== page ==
Hitchhiker's Guide to Software Architecture and Everything Else - by Michael Stal

Saturday, March 18, 2006

What the hell is Web 2.0?

To continue with the discussion of my last posting, I'd like to discuss Web 2.0. As most of you will know, this term has been around for several months now. If you ask people what that could be, they will mostly refer you to new technologies such as AJAX. Applications like Google Suggest are prominent known uses for AJAX (Asynchronous JavaScript And XML). The AJAX concept however is pretty old. There were many Web applications available that used the same kind of approach. Take Web-based mail applications as an example. The concept behind AJAX consists basically of hiding all communication activities between clients and servers by introducing a kind of business delegate. Well, that business delegate is implemented using JavaScript when you use a HTML client aka browser.
Originally, Web 2.0 was just a name for a series on Web conferences. Wikipedia (see http://en.wikipedia.org/wiki/Web_2.0) defines Web 2.0 as follows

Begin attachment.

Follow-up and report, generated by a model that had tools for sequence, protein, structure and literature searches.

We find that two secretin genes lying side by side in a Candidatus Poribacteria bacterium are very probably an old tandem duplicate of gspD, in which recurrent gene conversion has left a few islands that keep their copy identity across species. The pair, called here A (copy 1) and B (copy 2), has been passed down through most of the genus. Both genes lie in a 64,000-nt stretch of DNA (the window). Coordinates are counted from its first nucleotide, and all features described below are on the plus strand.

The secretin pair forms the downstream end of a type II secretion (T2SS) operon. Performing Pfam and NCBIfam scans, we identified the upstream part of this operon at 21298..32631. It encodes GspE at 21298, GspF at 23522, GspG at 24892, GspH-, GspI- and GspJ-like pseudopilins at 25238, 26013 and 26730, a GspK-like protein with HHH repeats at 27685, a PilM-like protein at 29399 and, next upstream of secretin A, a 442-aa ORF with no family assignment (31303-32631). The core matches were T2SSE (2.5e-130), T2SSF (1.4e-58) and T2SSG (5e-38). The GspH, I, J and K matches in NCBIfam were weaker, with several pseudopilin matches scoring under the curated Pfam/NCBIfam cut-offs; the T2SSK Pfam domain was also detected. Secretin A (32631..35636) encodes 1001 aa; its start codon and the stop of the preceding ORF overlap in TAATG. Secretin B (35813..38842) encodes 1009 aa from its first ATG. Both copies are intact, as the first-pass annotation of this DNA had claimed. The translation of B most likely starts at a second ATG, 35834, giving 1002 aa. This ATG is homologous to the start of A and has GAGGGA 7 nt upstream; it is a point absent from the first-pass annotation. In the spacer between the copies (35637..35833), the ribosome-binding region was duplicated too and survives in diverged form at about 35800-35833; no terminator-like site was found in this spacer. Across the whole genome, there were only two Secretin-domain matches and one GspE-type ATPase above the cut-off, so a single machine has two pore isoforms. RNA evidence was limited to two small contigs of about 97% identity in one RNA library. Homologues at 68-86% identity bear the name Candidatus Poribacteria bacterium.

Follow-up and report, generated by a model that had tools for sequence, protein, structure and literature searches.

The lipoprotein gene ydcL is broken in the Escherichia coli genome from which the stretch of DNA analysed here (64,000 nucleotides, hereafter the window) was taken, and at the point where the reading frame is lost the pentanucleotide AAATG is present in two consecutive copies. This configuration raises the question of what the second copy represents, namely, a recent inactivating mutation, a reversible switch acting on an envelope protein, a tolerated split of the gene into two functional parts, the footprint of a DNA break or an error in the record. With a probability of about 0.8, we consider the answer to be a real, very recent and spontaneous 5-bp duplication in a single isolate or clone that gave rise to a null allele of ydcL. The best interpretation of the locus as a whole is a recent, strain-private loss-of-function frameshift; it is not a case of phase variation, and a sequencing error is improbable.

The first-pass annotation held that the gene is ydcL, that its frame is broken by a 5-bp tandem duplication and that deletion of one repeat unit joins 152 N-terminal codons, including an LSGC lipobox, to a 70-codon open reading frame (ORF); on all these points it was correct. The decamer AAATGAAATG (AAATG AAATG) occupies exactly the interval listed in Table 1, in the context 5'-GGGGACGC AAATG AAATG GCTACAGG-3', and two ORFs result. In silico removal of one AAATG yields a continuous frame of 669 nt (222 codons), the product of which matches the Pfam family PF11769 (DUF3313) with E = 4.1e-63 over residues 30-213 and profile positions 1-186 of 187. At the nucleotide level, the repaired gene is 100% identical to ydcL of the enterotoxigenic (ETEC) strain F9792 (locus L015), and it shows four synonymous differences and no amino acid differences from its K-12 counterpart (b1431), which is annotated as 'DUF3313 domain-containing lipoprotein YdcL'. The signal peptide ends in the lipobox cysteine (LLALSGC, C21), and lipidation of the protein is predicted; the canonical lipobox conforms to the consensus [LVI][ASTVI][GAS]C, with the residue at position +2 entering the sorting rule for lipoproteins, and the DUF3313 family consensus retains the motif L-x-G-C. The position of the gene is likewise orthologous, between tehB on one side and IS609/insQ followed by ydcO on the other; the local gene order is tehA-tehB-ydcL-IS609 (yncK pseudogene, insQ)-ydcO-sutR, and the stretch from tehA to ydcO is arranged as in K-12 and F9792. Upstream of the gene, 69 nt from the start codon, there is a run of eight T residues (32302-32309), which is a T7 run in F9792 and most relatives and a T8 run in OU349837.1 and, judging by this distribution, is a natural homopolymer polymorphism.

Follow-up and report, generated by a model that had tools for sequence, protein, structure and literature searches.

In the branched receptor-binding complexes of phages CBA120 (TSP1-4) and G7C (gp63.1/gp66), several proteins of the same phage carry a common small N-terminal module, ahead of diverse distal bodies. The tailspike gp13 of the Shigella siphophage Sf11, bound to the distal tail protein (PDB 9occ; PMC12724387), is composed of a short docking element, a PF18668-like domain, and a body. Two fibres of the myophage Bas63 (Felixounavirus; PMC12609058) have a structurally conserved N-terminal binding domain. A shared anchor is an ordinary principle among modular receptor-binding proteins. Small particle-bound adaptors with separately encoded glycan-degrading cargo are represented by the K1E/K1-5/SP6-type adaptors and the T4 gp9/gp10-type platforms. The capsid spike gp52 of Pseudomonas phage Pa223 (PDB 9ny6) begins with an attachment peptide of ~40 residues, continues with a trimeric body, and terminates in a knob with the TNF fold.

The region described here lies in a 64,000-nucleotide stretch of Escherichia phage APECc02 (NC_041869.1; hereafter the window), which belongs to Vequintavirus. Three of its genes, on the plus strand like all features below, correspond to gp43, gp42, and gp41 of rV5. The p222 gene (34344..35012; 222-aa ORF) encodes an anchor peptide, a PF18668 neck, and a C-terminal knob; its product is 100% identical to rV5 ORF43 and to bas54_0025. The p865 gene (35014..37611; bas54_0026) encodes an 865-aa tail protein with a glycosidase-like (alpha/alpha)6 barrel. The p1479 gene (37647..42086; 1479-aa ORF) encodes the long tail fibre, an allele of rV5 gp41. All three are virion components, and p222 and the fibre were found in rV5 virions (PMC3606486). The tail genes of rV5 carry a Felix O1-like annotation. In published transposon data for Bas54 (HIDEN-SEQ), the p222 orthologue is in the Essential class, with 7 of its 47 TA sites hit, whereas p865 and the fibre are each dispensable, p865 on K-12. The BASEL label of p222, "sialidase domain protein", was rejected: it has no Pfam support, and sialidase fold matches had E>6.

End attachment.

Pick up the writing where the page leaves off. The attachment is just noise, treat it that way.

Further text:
[...] Web 2.0 applications often use a combination of techniques devised in the late 1990s, including public web service APIs (dating from 1998), Ajax (1998), and web syndication (1997). They often allow for mass publishing (web-based social software). The term may include blogs and wikis [...]

If you read this definition, then it becomes obvious that this buzzword is another example for an attempt to keep the IT technology market continuously running.

On the positive side, the Web 2.0 hype makes people from different companies think on old but proven technologies so that they can be leveraged in Web applications more efficiently and effectively. As another side effect this might lead to standards. Standards despite of their liabilities such as being slow or being least common denominators at least foster developer productivity because we don't have to deal with dozens of incompatible and proprietary solutions.

Hence, Web 2.0 may boost our set of possibilities and capabilities. Take it, forget the hype, and use it to your own advantage.

At the end, that is what really counts


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